and later with Thompson submachine guns. Ditch the Garands and scrounge up some
carbines or Tommy guns (which appear in the August 1944 tech manual equipment
it's easy to thin down the kit's bogey skids, Voyager supplies replacement skids
in the mid and late styles for the VVSS suspension, if you use that option from
the Academy kit. Voyager thoughtfully provides the oft-missed bolts for the skids,
and they are called out in the instructions.
was apprehensive as I approached building the ammo bins, but the process went
much more smoothly and quickly than I anticipated. The parts are logically deconstructed
into pieces, so the outer walls come together easily. The full-length interior
dividerswhich the Academy parts lackare either short single walls
or sheets of multiple compartment walls that are interlaced together like dividers
commonly seen in cardboard boxes. Best of all, they are large enough to accept
the Resicast fiberboard ammo tubes. That enables the modeler to depict bins that
may be half full (I wish I had used these in my Italeri Priest for that reason!).
I will set these aside for yet another Priest I have in mind that can use this
versatility. You can see how my bins turned out below.
large rear stowage bins can be positioned with their lids opened; with thinner
walls than the plastic counterparts, the brass will present a more realistic character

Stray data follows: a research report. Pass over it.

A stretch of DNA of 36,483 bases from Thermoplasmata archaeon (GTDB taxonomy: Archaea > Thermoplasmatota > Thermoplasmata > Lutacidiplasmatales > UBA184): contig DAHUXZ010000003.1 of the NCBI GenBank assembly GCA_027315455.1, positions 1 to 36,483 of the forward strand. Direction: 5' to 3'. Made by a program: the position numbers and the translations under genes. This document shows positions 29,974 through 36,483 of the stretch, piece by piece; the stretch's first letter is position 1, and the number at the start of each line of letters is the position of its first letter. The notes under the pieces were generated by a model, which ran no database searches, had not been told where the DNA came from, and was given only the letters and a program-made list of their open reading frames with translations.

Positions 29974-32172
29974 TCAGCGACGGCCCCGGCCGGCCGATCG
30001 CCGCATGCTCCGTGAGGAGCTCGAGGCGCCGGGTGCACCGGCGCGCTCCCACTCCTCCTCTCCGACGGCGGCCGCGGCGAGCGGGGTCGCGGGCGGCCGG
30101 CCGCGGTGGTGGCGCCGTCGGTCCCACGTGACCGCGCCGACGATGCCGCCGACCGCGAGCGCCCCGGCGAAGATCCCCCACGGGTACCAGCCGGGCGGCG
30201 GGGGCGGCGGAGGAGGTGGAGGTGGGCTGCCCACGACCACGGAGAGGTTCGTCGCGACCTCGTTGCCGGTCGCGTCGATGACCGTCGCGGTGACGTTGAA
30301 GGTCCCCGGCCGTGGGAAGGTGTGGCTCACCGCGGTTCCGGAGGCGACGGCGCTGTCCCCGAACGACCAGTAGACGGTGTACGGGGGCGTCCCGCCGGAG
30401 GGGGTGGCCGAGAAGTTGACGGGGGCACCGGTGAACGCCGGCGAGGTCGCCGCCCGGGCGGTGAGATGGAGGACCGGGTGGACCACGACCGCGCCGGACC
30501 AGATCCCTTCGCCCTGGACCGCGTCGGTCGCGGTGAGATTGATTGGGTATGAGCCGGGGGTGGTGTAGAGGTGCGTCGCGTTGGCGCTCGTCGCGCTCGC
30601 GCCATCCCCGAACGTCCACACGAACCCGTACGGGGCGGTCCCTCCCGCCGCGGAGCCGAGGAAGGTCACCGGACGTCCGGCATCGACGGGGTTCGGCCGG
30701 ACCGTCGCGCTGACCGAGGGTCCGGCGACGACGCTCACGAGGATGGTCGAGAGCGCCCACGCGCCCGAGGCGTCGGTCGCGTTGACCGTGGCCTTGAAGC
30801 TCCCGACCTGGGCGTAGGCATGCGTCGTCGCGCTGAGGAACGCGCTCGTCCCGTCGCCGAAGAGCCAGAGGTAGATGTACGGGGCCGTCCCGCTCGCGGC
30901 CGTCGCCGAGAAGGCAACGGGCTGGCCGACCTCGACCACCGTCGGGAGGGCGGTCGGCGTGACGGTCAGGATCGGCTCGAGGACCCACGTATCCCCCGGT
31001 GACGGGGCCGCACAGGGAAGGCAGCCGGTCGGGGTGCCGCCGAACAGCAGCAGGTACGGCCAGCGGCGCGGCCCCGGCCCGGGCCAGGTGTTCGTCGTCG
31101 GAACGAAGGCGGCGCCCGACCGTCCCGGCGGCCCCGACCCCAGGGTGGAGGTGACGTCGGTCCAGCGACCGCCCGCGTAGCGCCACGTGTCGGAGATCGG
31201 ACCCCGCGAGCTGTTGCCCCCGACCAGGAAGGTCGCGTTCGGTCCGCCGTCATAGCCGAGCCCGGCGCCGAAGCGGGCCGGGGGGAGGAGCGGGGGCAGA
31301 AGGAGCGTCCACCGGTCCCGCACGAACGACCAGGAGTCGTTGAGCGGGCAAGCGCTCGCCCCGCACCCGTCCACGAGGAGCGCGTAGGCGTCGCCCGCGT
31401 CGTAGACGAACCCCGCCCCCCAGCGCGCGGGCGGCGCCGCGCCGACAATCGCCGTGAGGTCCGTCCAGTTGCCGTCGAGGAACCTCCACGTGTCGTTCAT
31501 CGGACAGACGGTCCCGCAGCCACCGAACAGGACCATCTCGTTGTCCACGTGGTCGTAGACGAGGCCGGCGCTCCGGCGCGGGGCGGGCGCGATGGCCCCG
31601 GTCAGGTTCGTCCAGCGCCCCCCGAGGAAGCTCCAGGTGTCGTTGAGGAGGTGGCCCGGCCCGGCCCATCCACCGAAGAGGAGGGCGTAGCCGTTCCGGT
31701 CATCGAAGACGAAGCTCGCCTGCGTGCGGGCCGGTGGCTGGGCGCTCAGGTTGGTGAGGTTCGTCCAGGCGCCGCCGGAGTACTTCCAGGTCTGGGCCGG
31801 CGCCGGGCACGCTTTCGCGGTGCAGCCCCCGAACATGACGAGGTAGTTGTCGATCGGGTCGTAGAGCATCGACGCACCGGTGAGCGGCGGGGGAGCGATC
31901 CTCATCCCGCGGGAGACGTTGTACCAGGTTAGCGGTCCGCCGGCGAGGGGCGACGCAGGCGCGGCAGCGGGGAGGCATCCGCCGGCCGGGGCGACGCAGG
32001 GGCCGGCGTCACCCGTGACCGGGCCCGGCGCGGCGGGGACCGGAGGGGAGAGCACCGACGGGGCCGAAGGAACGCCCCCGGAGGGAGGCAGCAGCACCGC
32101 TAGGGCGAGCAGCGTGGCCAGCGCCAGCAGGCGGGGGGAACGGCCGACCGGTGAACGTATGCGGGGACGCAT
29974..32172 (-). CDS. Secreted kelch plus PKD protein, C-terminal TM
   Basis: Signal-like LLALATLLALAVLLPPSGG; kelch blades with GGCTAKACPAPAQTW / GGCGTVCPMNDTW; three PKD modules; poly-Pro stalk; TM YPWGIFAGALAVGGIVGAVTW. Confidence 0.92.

with an open lid.
supplemental armor plate around the top of the fighting compartment is easily
scratchbuilt with the plastic and template provided in the instructions. However,
the rear wall is constructed out of three pieces, which is fine if you want to
have one or all of these sections raised or lowered. But if not, it's easer to
cut one long length and then add the brass parts over the joints.
brings us to the more complicated aspects of this set. The hinged upper armor
plates were secured with small bars that slid through three rings welded to the
wall. To accomplish this with the parts, you need to measure the locations and
drill shallow holes into which the male prongs coming off the rings are glued.
You need to do this with the supplied tie downs, as well, should you chose to
use them (personally, I think Accurate Armour's tie downs are easier to use and
represent the original tie downs well). The hinges that secure the additional
plates to the wall need to be formed over short lengths of wire. The effect is
to more accurately reflect the real world objects, or perhaps to make these parts
movable. There are additional hinges and machine gun cradle parts that also are
designed to be assembled for possible mobility. So that's why I pose the "not
for beginners" qualifier in the opening paragraph. If you don't have more
than a few Eduard sets under your belt, you might get put off by the more intricate
nature of this set. On the other hand, I'm sure there are some brass masters who
will find this to be an enjoyable challenge.
maddening aspect of this set is the instructions, which comes in two double-sided
30" x 4" strips. Not very workbench friendly!
deficient in numerous areas, this is an impressive set overall that will shine
in the hands of highly experienced modelers. But buyer beware!
to Saul Garcia and Voyager Model for the review sample.